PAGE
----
Monday, April 18, 2016 by Greg White
Earth is overdue for an asteroid impact on par with the one that killed the dinosaurs. In an effort to keep this existential threat at bay, NASA founded a new asteroid detection program dubbed the Planetary Defense Coordination Office (PDCO).
The PDCO is an organization designated to coordinate all of NASA’s efforts to identify and classify Near-Earth Objects (NEOs) that could harm the planet.
Prior to the founding of PDCO, the space agency had been involved in a global planning for a planetary defense program for a number of years. The PDCO will refine and enhance those efforts while joining forces with the Federal Emergency Agency (FEMA), federal agencies and various international organizations.
Lindley John, head of the Planetary Defense Office, said the founding of the PDCO makes it clear that NASA is truly committed in its national and international efforts to detect NEOs and other astronomical threats.
The PDCO will release notices of nearby passes and warnings if it discovers any potential threats. The department will also aid with coordination U.S. government agencies, engage in developing possible responses to a real threat, and work with FEMA, the U.S. Department of defense and various international organizations.
Asteroids and comets vary in size and in turn, potential destruction. A collision with a 7 mile wide comet would definitely have a global impact, but wouldn’t be large enough to destroy all of life. Scientists suspect the asteroid that killed the dinosaurs was 7 to 8 miles wide.
It would take a collision with a 60 mile wide asteroid to destroy all life on Earth. Fortunately, according to planetary sciences professor Richard Binzel, there are no asteroids large enough in orbit that could destroy our planet.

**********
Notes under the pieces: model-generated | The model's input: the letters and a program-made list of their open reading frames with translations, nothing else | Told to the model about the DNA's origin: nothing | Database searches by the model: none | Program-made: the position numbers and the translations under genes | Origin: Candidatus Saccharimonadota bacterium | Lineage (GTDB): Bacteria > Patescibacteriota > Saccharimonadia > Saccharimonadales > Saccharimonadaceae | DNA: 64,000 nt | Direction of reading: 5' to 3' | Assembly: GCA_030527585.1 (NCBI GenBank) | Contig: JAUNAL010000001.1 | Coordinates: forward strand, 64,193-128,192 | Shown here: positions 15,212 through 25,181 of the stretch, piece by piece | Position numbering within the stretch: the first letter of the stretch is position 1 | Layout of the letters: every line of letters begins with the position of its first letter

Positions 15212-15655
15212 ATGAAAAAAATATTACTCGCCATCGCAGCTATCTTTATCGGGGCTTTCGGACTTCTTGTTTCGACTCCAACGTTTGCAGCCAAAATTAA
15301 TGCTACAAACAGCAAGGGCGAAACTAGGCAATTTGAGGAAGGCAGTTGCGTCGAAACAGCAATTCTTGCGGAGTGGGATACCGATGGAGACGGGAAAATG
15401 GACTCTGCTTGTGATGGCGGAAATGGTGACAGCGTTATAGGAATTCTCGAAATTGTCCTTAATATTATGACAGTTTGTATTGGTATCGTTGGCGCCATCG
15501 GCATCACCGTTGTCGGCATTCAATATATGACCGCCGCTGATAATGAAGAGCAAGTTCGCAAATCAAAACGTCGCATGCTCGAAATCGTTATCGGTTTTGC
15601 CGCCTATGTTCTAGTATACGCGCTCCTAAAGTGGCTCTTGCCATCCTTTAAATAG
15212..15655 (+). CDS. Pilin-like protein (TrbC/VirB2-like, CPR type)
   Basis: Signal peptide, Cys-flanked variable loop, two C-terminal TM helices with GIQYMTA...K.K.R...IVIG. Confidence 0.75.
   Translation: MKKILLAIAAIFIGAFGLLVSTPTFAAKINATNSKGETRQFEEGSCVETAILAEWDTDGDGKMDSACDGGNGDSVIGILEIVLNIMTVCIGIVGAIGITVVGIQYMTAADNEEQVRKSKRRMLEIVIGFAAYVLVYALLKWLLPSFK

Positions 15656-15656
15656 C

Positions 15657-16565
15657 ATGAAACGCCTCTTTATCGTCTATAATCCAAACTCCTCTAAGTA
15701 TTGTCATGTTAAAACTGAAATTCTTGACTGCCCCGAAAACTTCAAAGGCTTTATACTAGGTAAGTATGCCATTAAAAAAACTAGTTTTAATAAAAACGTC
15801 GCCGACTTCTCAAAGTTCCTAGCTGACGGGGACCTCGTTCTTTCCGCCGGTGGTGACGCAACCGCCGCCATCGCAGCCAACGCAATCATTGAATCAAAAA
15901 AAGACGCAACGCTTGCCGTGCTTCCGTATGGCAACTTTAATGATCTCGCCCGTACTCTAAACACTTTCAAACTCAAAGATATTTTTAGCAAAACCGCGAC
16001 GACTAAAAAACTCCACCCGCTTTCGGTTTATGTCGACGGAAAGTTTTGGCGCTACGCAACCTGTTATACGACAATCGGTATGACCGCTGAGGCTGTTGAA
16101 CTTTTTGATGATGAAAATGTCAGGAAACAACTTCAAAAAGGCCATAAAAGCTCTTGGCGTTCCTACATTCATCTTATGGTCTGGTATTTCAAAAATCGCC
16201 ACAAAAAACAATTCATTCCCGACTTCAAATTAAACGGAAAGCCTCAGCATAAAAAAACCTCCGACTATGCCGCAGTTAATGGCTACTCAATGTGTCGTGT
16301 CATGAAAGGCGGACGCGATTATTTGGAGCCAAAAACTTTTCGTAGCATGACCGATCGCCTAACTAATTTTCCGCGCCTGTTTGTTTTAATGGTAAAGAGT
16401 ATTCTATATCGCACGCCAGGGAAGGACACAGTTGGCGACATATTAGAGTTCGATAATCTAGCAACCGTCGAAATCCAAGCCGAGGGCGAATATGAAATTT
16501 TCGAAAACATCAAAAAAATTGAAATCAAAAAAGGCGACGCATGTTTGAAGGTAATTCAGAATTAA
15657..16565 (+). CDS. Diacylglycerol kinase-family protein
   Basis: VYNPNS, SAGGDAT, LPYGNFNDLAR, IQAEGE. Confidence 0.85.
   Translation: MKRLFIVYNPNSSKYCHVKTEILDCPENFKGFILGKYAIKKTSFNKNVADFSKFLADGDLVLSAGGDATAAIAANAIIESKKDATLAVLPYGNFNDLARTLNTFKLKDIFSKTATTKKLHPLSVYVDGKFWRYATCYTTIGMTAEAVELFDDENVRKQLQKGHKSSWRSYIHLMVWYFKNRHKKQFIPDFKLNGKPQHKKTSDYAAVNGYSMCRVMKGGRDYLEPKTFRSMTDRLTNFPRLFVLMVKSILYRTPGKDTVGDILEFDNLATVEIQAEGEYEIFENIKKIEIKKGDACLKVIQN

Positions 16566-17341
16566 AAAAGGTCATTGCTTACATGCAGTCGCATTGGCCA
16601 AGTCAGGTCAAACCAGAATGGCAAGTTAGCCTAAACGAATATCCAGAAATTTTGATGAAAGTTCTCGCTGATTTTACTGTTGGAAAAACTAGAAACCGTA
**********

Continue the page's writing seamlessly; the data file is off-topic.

No asteroids have made a major impact with Earth since the extinction of the dinosaurs but NASA has already detected more than 13,500 NEOs. Approximately 1,500 NEOs are spotted each year, according to NASA officials.
Last Halloween, for instance, an asteroid the size of five and a half football fields, dubbed 2015 TB145, flew past Earth. John Grunsfeld, the associate administrator of NASA’s Science Mission Directorate, told sources that their are no known impact threats, but thinks potential threats – like the one that occurred last Halloween – give scientists an imperative to “keep our eyes to the sky.”
Scientists detect NEOs with ground-based telescopes, which are spread throughout the world. NASA uses its NEOWISE infrared telescope, which measures data about asteroids and comets from images provided by the WISE or Wide-field Infrared Survey Explorer spacecraft.
Before the development of the PCDO, Nasa’s NEO program had been looking for space debris since 1998. Congress funded the program to identify 90 percent of NEOs that were potentially dangerous to Earth, all of which have a diameter of 0.6 miles.
Approximately 911 large NEOs have been recorded, constituting a staggering 93 percent of these celestial NEOs. The space agency’s next project involves identifying 90 percent of NEOs with diameters larger than 0.12 miles by 2020. These asteroids are more difficult to pinpoint because of their small size.
Despite these goals in mind, the NEO program has been at the center of a complicated financial and administrative mess. The program’s extended budget generated a myriad of differences, with no main supervision.
“Even with a ten-fold increase in the NEO Program budget in the past five years – from $4 million in fiscal year (FY) 2009 to $40 million in FY 2014 – NASA estimates that it has identified only about 10 percent of all asteroids 140 meters and larger,” said Paul Martin, NASA’s inspector general who audited the company in September 2014. This caused NASA to reorganize its program and develop the PDOC to help the space agency get back on track.